My house was built in 1945. I think that’s pretty cool. Sometimes when the President is on tv giving some address, I wonder if people once sat in this same room listening to the radio, hearing historic news about the end of WWII.
Given the age of the house, and some weird sense of nostalgia, I thought it would be cool to have some elements of decor that reflected that time when it was new. A few months ago Apartment Therapy featured this article “American Style Through the Decades: The Forties“. I was pretty psyched. Here I would find inspiration to create a more vintage look (vs. the contemporary/Ikea look I have now… if you can call that a style).
My first reaction was, “I hate all of it”. Quel dommage eh?
The article goes on to list the Key elements of Forties design:
• A strong, jewel-toned color palette
• Wall to wall carpet
• Tufted stools, chairs and sofas
• Abstract artwork
• Blond wood furniture
• Large scale floral, striped and plaid wallpapers
• Chintz draperies
• Colonial furniture
• Floral slipcovers
• Ruffled and scalloped edges
• Built-in furniture and banquettes
• Wood paneling
• Small print hooked rugs
• Knotty pine
• Bamboo furniture
• Pennsylvania Dutch/folkloric details
• Space saving kitchen amenities
• High contrast bathroom tile
• Glass block
• Chenille bath rugs
Its funny how many of these things are what people are ripping out, painting over, and plain out gutting in current home renovation and design. Does anybody you know have linoleum, wood paneling, wall to wall carpet, knotty pine cabinets, chintzy ruffled curtains, and traditional heavy furniture? Yeah, maybe your grandma.
So let’s try to find some redeeming qualities/ inspiration/ modern day interpretations of these 40s designs.
Ok, obviously the white couch is a current mainstay. I like the seafoam green wall, and the gold plates are fun and classy at the same time. I’d add some funky throw pillows to make it more comfy casual, and a patterned area rug. Let’s remove the pass-through wood wall to the kitchen, because let’s face it, in a current reno that would come out to make for a completely open kitchen.
Check it out, a seafoam green wall with clean white (bed). It even has gold accents on the wall and a tufted, traditional headboard.
This one answers the 40s style a bit more with the symmetrical lamps on the end tables, the tufting, and gold accents on the tables. Nice modern art featured as well. Oddly enough, this has a hint of Moroccan flair too just like the bedroom above. But Morocco is another post for another day.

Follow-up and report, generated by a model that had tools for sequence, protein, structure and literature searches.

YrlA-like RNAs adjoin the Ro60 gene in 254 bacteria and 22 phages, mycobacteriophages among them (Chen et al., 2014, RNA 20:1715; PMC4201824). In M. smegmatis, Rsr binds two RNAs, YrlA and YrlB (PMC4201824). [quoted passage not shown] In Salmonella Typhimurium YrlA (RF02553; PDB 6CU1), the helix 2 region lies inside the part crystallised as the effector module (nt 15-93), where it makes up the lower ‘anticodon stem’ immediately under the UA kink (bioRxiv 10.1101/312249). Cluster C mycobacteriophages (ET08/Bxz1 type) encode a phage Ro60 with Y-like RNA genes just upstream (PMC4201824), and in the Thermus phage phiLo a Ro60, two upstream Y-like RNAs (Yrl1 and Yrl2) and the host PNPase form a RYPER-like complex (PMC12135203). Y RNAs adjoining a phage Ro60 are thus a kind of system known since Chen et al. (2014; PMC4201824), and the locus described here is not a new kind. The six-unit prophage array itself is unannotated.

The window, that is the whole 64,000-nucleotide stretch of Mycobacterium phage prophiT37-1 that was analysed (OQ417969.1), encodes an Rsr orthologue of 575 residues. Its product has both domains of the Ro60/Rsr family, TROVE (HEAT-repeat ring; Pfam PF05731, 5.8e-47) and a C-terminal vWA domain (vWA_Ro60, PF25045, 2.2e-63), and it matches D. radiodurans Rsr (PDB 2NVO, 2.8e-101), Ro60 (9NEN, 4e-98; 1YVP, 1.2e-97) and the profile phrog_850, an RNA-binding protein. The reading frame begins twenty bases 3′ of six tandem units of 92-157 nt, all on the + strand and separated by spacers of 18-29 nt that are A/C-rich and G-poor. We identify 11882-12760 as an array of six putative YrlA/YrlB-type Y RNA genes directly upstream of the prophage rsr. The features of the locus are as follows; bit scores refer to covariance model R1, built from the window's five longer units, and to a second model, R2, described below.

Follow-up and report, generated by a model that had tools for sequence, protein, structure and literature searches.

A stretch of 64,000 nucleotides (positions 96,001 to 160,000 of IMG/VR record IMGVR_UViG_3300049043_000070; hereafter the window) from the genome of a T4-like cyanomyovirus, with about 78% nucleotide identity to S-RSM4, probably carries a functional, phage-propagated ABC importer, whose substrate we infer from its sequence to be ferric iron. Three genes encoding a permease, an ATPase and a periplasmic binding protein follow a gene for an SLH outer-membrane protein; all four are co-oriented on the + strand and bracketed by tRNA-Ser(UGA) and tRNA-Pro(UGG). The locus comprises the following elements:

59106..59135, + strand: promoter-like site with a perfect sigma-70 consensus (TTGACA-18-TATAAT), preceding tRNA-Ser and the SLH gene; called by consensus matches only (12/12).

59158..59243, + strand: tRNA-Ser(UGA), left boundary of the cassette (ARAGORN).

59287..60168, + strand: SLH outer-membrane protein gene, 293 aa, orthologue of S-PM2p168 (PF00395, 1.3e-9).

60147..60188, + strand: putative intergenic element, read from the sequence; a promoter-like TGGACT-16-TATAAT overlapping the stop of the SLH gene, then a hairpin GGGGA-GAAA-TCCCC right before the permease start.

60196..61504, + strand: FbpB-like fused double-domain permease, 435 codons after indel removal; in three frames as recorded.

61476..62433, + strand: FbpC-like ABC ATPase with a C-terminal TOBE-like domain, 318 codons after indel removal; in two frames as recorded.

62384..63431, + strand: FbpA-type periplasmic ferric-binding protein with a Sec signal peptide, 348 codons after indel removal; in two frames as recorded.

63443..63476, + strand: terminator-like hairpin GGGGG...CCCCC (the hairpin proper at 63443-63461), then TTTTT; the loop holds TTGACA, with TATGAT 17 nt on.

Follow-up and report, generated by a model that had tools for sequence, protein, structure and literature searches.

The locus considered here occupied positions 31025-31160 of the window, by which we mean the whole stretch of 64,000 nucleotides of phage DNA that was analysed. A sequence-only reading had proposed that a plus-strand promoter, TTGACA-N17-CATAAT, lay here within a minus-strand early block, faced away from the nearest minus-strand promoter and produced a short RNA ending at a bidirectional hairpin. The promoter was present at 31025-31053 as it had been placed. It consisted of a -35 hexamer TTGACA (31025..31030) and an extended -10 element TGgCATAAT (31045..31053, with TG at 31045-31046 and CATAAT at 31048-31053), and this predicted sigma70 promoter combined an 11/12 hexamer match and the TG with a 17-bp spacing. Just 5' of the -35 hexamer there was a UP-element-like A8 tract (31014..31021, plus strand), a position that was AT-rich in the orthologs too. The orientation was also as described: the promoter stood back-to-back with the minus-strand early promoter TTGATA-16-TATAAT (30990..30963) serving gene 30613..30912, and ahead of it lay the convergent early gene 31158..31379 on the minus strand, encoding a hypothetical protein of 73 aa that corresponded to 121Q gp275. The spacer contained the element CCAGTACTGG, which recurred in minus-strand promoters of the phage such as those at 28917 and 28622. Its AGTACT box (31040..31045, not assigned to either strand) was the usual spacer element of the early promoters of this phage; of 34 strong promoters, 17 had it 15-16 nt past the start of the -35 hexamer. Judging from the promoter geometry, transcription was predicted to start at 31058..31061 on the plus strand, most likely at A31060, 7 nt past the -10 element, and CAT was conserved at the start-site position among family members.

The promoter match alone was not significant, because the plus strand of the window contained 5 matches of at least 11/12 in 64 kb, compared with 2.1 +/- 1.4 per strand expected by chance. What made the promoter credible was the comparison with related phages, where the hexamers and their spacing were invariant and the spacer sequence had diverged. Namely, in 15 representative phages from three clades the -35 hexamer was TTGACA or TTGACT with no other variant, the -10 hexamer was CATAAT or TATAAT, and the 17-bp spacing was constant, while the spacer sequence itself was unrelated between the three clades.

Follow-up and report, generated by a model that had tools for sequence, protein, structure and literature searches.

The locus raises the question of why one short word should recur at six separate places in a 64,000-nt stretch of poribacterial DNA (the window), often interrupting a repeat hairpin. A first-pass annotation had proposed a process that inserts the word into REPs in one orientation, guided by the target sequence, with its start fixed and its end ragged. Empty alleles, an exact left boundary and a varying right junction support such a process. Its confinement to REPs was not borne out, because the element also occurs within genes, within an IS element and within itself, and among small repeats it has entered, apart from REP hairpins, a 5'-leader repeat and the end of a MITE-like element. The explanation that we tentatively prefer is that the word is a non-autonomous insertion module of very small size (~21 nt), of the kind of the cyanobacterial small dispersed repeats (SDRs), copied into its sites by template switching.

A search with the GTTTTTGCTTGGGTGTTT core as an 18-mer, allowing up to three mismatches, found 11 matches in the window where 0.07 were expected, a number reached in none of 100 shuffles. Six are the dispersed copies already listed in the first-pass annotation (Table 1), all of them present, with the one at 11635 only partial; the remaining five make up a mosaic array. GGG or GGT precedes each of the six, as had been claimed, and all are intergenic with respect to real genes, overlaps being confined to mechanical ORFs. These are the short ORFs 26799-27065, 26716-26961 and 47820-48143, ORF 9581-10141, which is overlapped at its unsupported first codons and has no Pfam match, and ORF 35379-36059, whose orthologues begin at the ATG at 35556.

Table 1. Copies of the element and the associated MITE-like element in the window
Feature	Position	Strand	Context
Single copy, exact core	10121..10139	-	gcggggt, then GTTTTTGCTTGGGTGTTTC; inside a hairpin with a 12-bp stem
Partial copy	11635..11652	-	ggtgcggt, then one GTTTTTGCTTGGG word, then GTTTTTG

Now let’s move to the kitchen.
White kitchen cabinets have definitely come back. The AT article refers to white being clean, even antiseptic, in an age when polio was a real concern. Diseases and their (subconscious) sociological impact on home design aside, white kitchens are bright and allow color to really pop, making accessories the star. And who doesn’t want a clean, bright, energetic kitchen. This 40s kitchen has a built-in booth aka banquette.
This house tour featured on Design Sponge has my favorite seafoam green walls again, and a bright red banquette for an eat-in breakfast nook, and similar cheerful yellow curtains. It even has (gasp) linoleum floors. And its still cool. Amazing. I also love the phone on the wall and the Formica (or similar) table. They really embraced the vintage, and pulled it off.
If you peek on the 1940s countertop, it has something that looks a lot like this.
Women still go crazy for a nice mixer. I splurged on one a while back, and I gotta admit, I appreciate it every time I use it. Back then it was state of the art, and women were actually expected to bake a lot, so the lady with one of these bad boys would have been the envy of the neighborhood. (p.s. I’m not any kind of historian, so this is just speculation based on my conceptions of women’s roles during this era based on movies I’ve seen). For an actual history of the KitchenAid Mixer, go here. I digress.
Apparently Ikea is selling red cabinets now, and some people think its a good idea. Ikea has a red sparkly countertop, but alas the Internet has failed to provide it for me. Its been hanging out at my Atlanta Ikea for a while, so maybe some people are going for it. This is a bit extreme for my taste, but it definitely echoes the 1940s “kitchen of the future” idea. The future is now!
I could do a rant about “vintage” and whatever that means these days… but I’ll save that for another day too.
Are you striving for any kind of vintage/ retro/ throwback look? If so, how are you pulling it off?